A new project aims to improve communications between communities and those involved in international development work.
Interpretation and translation problems often lead to a breakdown of trust between NGOs and the community, and the subsequent failure of development initiatives.
Improved communication delivers better results. That’s the theory that has led to the Translation Glossary Project, a scheme that started in Malawi and is now being offered to others across the world.
Dr. Angela Crack, Reader in Civil Society at the University of Portsmouth, worked with local communities in Malawi to co-produce a glossary of terms that are essential to international development work. It contains hundreds of translations on topics such as health, education and climate change, dozens of which have not existed in print before.
Practitioners who deliver life-saving aid have long complained that they struggle to communicate with the people they serve because of a chronic lack of language support in poorer countries. The glossary is designed to address this problem among Chichewa speakers in Malawi, and the long-term ambition is to empower people across the world to overcome language barriers.
Dr. Crack said: “The idea came from an Arts and Humanities Research Council (AHRC)-funded research project called The Listening Zones of NGOs. It revealed that many aid and charity workers cannot speak the languages of the communities that they work with. Research participants suggested that their lives could be made easier by a seemingly simple solution. They wanted a handy translation glossary of development terminology to help NGOs and communities understand one another better. However, until now this did not exist in any of the case study countries, including Malawi.”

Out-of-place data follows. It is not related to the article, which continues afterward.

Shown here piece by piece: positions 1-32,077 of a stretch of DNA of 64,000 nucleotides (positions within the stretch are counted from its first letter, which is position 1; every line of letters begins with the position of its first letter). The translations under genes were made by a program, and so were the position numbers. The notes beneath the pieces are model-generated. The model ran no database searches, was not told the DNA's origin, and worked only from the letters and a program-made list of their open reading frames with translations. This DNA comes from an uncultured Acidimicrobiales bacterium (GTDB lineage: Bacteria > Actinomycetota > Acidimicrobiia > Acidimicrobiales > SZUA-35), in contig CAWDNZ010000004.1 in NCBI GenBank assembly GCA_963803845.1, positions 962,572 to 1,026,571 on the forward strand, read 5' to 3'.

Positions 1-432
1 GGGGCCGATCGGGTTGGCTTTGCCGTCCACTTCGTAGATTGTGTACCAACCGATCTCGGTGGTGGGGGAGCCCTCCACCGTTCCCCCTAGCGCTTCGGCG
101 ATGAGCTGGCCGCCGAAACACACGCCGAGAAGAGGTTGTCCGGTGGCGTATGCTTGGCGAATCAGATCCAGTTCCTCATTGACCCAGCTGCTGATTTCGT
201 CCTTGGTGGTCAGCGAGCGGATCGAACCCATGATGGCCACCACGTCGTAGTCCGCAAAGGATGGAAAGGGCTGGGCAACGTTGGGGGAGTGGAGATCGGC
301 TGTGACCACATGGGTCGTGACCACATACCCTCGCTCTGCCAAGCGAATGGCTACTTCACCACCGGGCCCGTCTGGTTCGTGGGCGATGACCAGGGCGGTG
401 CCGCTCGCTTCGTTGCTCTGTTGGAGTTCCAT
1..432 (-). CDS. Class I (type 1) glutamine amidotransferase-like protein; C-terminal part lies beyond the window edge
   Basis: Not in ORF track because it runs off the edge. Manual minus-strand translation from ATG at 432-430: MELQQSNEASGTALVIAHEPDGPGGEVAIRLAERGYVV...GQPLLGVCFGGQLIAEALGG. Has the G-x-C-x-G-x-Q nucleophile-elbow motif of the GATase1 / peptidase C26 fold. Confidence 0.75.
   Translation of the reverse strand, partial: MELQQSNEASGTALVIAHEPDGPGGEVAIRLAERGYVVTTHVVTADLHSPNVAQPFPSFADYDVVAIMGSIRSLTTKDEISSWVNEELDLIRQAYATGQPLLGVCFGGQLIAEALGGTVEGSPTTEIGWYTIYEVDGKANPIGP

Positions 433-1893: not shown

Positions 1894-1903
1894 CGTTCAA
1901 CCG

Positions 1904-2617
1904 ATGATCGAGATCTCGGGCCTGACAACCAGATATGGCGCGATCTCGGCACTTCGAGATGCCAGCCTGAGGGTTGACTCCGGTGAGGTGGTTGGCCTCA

Working alongside Dr. Michael Chaukwa from the University of Malawi, and with follow-on funding from the AHRC, the idea of a translation glossary has been made a reality. Local people in Lilongwe and Zomba (Malawi) volunteered to help create the glossary, none of whom were professional translators, but who shared a love of language. They took part in a participatory workshop to write an early draft, choosing the terms to be included and the simplest ways in which these could be translated.
Dr. Crack is excited by what has been achieved by this collaborative approach. She said: “Their Chichewa-English translations reflect their unique knowledge of the local vernacular and the development priorities at the grassroots. It is the first comprehensive glossary in the international development sector that has been produced through participatory methods.
“The intent is to encourage others in other contexts to create glossaries in different languages, and so promote good communication between development stakeholders not just within Malawi, but also beyond.”
Visitors to the Translation Glossary Project website are invited to download a free handbook. It lays out lessons learnt from the project with ideas of how users can create their own grassroots dictionary of terms that will help make lives and work better for all.